As Daniel Berthold-Bond points out in ‘ Hegel's Grand Synthesis ', for Hegel, in contrast to traditional formal logic, the ‘simple essence' of a substance is comparable to unreflective ‘satisfaction', which is however a ‘self-consuming' state. Substance, or being as self-repose, gives rise to the ‘motionless tautology' of formal logic, the simple self-identity of ‘A = A'. Yet, ‘this self-identity of substance is no less negativity : its apparent fixed existence passes over into its dissolution. ( Phenomenology of Spirit , 34) Things are thrown into opposition by ‘becoming-other'. Dialectical logic is the formal expression of principles already concretely exhibited in the world: ‘contradiction is the very moving principle of the world' ( Science of Logic 119). Contradiction involves the undermining of a thing's self-identity by the ‘other' to which it is related and by which it becomes defined. When employed by reason, dialectic unifies opposing determinations in a ‘completer notion' which reflects their immanent connectedness ( Science of Logic 81). In contrast, the analytic method leads to contradictions which the understanding can neither avoid or resolve. This can lead to scepticism, based on equally competing opposites. The ‘true infinite' of dialectical reason on the other hand, involves the ‘connective reference' and reciprocal dependence of the opposites, in a concrete unity of opposing terms.

Berthold-Bond (ibid) states –

An example may help. Hegel views it as a mistake to regard freedom and necessity as polar opposites and as equally legitimate but exclusionary alternatives. If they were equal in this way - as the Kantian antinomy has it, and as the sceptic has it - the only options for viewing human action would be the result of completely cancelling one term (by arbitrary fiat) and thus seeing oneself either as free in Hegel's sense of negative freedom (= nihilism), or doomed to necessity in Hegel's sense of "merely external necessity" (= tychism, fatalism, "the irrational void of necessity" ( Phenomenology of Spirit 443). For these are the only senses of freedom and necessity which are left when we disallow any "reciprocal dependence" of the one on the other. On the other hand, by seeing that the opposition of freedom and necessity is not a polar equilibrium of exclusionary terms, but involves the two terms negating each other in a positive way - so that (positive) freedom negates external necessity (fate), and (rational) necessity negates negative freedom (nihilism) - we arrive at the completer notion of freedom which is self-limited by the "real, inward necessity" ( Science of Logic 35) of duty, and of necessity which is the autonomous expression of self-determination.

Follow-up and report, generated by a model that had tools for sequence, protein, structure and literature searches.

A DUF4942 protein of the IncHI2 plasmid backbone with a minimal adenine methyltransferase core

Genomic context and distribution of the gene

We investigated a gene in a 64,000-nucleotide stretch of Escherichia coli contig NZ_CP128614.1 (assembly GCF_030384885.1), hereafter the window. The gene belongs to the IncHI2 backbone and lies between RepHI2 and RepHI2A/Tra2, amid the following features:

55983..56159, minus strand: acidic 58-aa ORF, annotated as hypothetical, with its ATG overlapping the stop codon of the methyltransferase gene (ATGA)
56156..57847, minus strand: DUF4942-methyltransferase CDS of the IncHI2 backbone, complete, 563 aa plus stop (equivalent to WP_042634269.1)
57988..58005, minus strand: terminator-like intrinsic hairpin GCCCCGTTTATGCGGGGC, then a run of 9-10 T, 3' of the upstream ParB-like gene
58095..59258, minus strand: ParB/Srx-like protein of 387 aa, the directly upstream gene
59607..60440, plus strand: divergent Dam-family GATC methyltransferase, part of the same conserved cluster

The Science of Logic outlines 3 kinds of contradiction –

Being : - pairs of concepts seem completely opposed; for example, Being: Nothing; Quantity: Quality – but analyses and deduction shows them to be inter-related.

Essence : opposed pairs imply each other; for example, Inner: Outer

Concepts : for example, the concept of Individuality is built on a pair of apparent opposites: Universality and Particularity.

To return to Berthold-Bond –

‘…Dialectic is defined by Hegel as the power (or energy or force) of negativity. Negativity involves, in general, the opposing of something to its "other." When applied to epistemology, this is the "pathway of doubt" and "loss of immediate certainty" involved in the disparity between subject and object in the course of consciousness' experience of the world. And when applied to ontology, negativity is the EntauBerung of substance by which it "becomes other" to itself.'

‘…Negativity is the principle by which thought disrupts its instinctive or immediate certainty, or by which thought becomes "split up" ( Phenomenology of Mind 408 Zusatz ) or "divided"( Diff 87) into an opposition of consciousness to a specific object.

Dialectic is thus the very process of thinking, where thought "loses itself in" and becomes "entangled in the contradiction" of its nonidentity with its object, and yet where this very negativity urges thought to "persevere," to "work out in itself the solution to its own contradiction" ( Science of Logic 11). It is in this sense that Kojeve calls dialectic "a series of successive ' conversions ' "whereby the relation of consciousness to the world is progressively transformed.'

If negation is the power of the dialectic, its form is triadic structure – thesis, antithesis, synthesis (though Hegel never used these terms). The double negation of formal logic ( A is not non- A ) is transcended in a synthesis which ‘overcomes and preserves' the opposites at a higher rational unity. As Hegel put it in his Logic , everything depends on ‘the identity of identity and non-identity'.

In the preface to his Phenomenology of Mind , Hegel wrote, “The more the ordinary mind takes the opposition between true and false to be fixed, the more it is accustomed to expect either agreement or contradiction with a given philosophical system, and only to see reason for the one or the other in any explanatory statement concerning such a system. It does not conceive the diversity of philosophical systems as the progressive evolution of truth; rather, it sees only contradiction in that variety ....... the mind perceiving the contradiction does not commonly know how to relieve it or keep it free from its one sidedness, and to recognise in what seems conflicting and inherently antagonistic the presence of mutually necessary moments."